Lisa Gervais: On groundhogs and chicken little
|By Lisa Gervais - Editor | February 8 2018|
It was with shock and consternation that I watched the livestream of Groundhog Day 2018 from Wiarton, On. last Friday. Not because “the prince of prognostication,” as he was deemed, allegedly declared six more weeks of winter ... but the manner in which the whole livestream unfolded.
There were fireworks, live music and dancing and South Bruce Peninsula Mayor Janice Jackson and town criers, Bruce and McGregor, dressed up in some strange gear.
It was the 62nd annual Groundhog Day but this particular Willie’s debut. He’s a three-year-old albino pug-nosed groundhog found on a farm in Oro-Medonte a few years ago. His predecessor died in September at the ripe old groundhog age of 13.
In the lead-up to the day, Mayor Jackson was quoted as saying, and I’m not kidding, “he is an excitable little guy. He is much younger and more rambunctious and I am thinking he is going to be an awful lot of fun.”
Well, they piped Wee Willie in. He was encased in a glass enclosure not much bigger than himself. There was a lot of noise. And, Willie wasn’t moving. In fact, I don’t believe I saw Willie move during the entire “performance.”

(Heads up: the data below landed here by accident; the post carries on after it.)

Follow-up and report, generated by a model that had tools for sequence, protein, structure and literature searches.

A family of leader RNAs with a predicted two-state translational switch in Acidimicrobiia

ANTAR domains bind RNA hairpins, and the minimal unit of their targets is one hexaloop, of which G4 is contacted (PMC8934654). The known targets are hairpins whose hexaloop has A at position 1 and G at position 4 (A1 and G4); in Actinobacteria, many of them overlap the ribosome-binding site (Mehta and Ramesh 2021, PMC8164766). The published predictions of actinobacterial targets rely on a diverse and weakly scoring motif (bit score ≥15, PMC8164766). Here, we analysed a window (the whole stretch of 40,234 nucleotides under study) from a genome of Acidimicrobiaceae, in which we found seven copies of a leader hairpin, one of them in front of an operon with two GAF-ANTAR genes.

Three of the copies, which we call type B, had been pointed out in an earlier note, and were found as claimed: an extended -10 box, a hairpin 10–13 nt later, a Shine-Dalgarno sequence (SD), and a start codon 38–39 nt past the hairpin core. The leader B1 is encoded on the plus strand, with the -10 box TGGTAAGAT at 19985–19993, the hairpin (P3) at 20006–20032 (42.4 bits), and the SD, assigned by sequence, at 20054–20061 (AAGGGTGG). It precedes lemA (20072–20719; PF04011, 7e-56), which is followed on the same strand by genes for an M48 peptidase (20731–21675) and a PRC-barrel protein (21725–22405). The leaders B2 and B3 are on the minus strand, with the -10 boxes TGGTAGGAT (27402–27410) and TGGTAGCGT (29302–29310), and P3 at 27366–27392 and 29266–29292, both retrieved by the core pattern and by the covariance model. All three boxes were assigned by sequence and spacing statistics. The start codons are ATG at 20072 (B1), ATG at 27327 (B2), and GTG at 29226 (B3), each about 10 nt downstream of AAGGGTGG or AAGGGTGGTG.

After a 3-2-1 countdown, Jackson leaned down to the tank to listen to “the young king of perfect predictions” supposedly tell her six more weeks of winter.
Is it just me? Why did I have a vision of a somewhat free-range Willie popping out of his hole and either seeing his shadow or not and then being sent back to his comfortable lodgings to eat and sleep for the next 364 days? I had visions of PETA (People for the Ethical Treatment of Animals) rushing the stage.
But, hey, it’s a fun Canadian tradition, so who am I to judge? Besides, scientific studies show groundhog predictions to have a success rate of around 37 per cent.
Which leads me to chicken little.
All joking aside, Willie’s prediction is a good or bad thing depending on what business you operate in Haliburton County and how soon you want the cottagers to return.
We are into early February and those businesses that are not so reliant on winter are really starting to feel the pinch. They are getting into those lines of credit to see them through the lean days, in anticipation of spring and a return of their cottaging bread and butter.
But, the sky isn’t falling, folks. You’ve got this. You go through this every winter at this time. You begin to bite the nails and scratch the head and ask yourselves ‘why do I do this?’ But, you make it through. You always do. As the weather slowly begins to warm up and the tourists return, things will pick up. And, before you know it,
you’ll be complaining about how busy you are, working seven days a week, dreaming about post-Thanksgiving and a respite from all of that work.
Just as Groundhog Day is a tradition that will return for its 63rd year in 2019, many Haliburton County businesses, now in their traditional doom and gloom cycle of the business year, will also be back.
Lisa Gervais is the editor for The Highlander.